Clemons leaving NCAA scoring footprints
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Clemons leaving NCAA scoring footprints

Nation's leading scorer is getting last word on major conference coaches

Photo: 1) Chris Clemons (photo by Bennett Scarborough); 2) Kevin McGeehan; 3 Gore Arena; 4) Calvin Murphy as a sophomore; 5) Pope Convocation Center housing Gore Arena; 6) Pete Maravich at Broughton High; 7) video at bottom of Clemons' 45 points against Georgetown

BUIES CREEK, N.C. – Chris Clemons arrived at Campbell University in this Mayberry-like North Carolina town as a little-known recruit that major conference coaches overlooked, fearing his 5-foot-9 height didn’t measure up.

Now, four prolific scoring seasons later at the Big South Conference member school, he continues to leave footprints on the NCAA career scoring list, passing the likes Oscar Robertson, Danny Manning and Larry Bird. He’s sits in sixth place with more rungs up the ladder within range.

Clemons’ 3,136 points has him just 15 from fifth place and 20 from fourth, with his next game in the Big South tournament quarterfinals. Top-seeded Campbell (19-11) faces No. 8 Hampton (15-15) on its home court at 6 p.m. Thursday at Gore Arena.

This seems as fair of a time as any for the determined senior guard from Raleigh’s Millbrook High to speak up saying, “I told you so.” But he’s not the type, even though it would be tempting for so many of us in this college basketball era that is intoxicated with superficially hailing NBA one-and-dones as royalty sans winning titles. Bitterness is not Clemons’ quiet style.

“Nope, nope,” he said quickly. “I think my resume speaks for itself. I’m OK with what I’ve accomplished here. I don’t have any regrets about anything.”

Clemons offered his thoughts in a Gore Arena media room while wearing a net draped across his chest cut down minutes earlier. Campbell had beaten Radford University 64-62 on Saturday to clinch a Big South co-championship before a standing-room-only Gore record crowd of 3,151.

“I’ve had some help, obviously, but the experiences I’ve been able to have here have been amazing,” Clemons said. “I’ve seen the growth all of our guys, seen growth of Andrew (Eudy, a fellow senior seated next to him) and I’ve even seen the growth in our coaches as well. “I’ve been able to grow as a man, as a leader of this team and to help bring something special to this community that it hasn’t seen in a while. I’m just glad to be a part of it and to give these fans a something to cheer about.”


The chiseled 185-pounder scored 30 points – right on his national leading average of 30.1, a throwback number to an era for high scorers. From 1954 through 1980, the nation’s scoring champion averaged 30 or more every season but one.

Clemons is within range of becoming only the 10th 30-point-a-game scorer in the past 39 seasons.

How many more rungs he climbs depends on how long the upstart Camels remain alive in the post-season, but a long tournament run leaves only Pete Maravich’s 3,667 total safe from his reach.

 An NIT berth might translate to a longer run than in the NCAA Tournament, but a Big Dance berth, which would be Campbell’s first since 1992 and only the second ever, is the goal of Clemons and his teammates. Campbell’s win over Radford earned the top seed to host the Big South, a crucial edge competing in a conference to send likely only its tournament champion with an automatic bid. That was Radford’s path to the NCAA a year ago.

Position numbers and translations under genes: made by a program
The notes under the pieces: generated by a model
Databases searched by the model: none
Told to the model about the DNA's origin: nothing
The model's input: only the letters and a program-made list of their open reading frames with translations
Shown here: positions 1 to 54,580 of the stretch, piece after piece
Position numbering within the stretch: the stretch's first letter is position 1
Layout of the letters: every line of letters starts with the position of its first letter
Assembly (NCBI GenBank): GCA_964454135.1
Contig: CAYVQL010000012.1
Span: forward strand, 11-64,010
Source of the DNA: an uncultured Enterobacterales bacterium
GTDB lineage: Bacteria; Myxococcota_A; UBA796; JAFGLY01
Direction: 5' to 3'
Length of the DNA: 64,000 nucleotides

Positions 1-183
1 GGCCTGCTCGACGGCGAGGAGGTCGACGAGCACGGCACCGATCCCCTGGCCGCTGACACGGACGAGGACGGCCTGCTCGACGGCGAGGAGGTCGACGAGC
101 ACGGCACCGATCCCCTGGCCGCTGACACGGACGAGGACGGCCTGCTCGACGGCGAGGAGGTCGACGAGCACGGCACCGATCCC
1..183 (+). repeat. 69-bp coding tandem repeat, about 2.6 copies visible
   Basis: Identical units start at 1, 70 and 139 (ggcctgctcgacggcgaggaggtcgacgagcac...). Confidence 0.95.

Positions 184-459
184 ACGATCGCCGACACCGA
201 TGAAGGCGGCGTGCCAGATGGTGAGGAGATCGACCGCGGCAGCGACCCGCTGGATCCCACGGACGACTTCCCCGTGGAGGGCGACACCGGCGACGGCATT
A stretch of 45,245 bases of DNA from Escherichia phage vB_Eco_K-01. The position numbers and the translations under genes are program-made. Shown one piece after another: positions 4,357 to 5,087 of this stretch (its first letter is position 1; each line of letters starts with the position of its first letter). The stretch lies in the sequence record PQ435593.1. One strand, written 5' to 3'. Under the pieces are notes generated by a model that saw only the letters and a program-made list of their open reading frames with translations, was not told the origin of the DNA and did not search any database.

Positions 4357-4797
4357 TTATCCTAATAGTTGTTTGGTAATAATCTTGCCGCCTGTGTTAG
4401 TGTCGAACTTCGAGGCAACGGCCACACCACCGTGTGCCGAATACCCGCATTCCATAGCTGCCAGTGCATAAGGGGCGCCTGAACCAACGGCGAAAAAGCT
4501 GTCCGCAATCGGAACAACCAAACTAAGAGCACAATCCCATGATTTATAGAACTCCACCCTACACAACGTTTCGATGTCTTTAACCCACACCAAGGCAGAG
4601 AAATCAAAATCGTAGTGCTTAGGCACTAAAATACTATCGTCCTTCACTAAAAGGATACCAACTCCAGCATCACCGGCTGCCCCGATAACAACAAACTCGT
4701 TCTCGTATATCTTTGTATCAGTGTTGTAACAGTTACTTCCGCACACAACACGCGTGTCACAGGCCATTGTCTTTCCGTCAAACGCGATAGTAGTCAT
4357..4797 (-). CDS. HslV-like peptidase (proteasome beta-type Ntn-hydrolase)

“Playing at home is going to be huge for us,” Clemons said. “As you can see our crowd is something else. This is something that hasn’t been done in a long time. It’s definitely history that we’re a part of and I’m excited.”

One-and-dones that don’t deliver a title will be forgotten for their pit-stop season on their campus as the years pass; Clemons will always be welcomed home.

One and dones are rich in contracts, but Clemons is rich in college legacy.


Clemons’ experience with one-and-dones is more than abstract. He brushed against them in his high school years, which included the 43rd annual Holiday Invitational four years ago at Broughton High’s storied Holliday Gym in Raleigh.

On opening night he stole the show from a cast of six NBA first-round draft picks – five of them one-and-dones: 

--- Brandon Ingram (Kinston/Duke), second pick overall, 2016.

--- Jamal Murray (Canada’s Orangeville Prep/Kentucky), seventh, 2016.

--- Dennis Smith (Fayetteville Trinity Christian/N.C. State), ninth, 2017.

--- Thon Maker (Canada’s Orangeville Prep with an extra year after graduation), 10th, 2017.

--- Harry Giles (High Point Wesleyan Christian Academy/Duke), 20th, 2017.

--- Jerome Robinson (Broughton/three years at Boston College), 13th, 2018.

Clemons, mixing court savvy with spectacular athleticism that included dunks, finished with 36 points and six assists. His dunks were the stuff of startled looks worthy of impressing two past NBA dunk champions that were sub-6-footers, Nate Robinson (5-9) and Spud Webb (5-7).

Clemons was the headliner the next day in the Raleigh News & Observer.

His path doesn’t include looking back and perhaps that explains overcoming his height in sport that favors length. He tested the NBA tryout waters the past two years, but the experience was about learning where to improve more than seeking an NBA shortcut. Now that his post-graduation is approaching, his foundation is steadier, with his increased ability to hit from NBA three-point range and drive the lane to finish with twisting layups in traffic or emphatic dunks. He is listed as a mid- to late-round pick in the second round in mock drafts.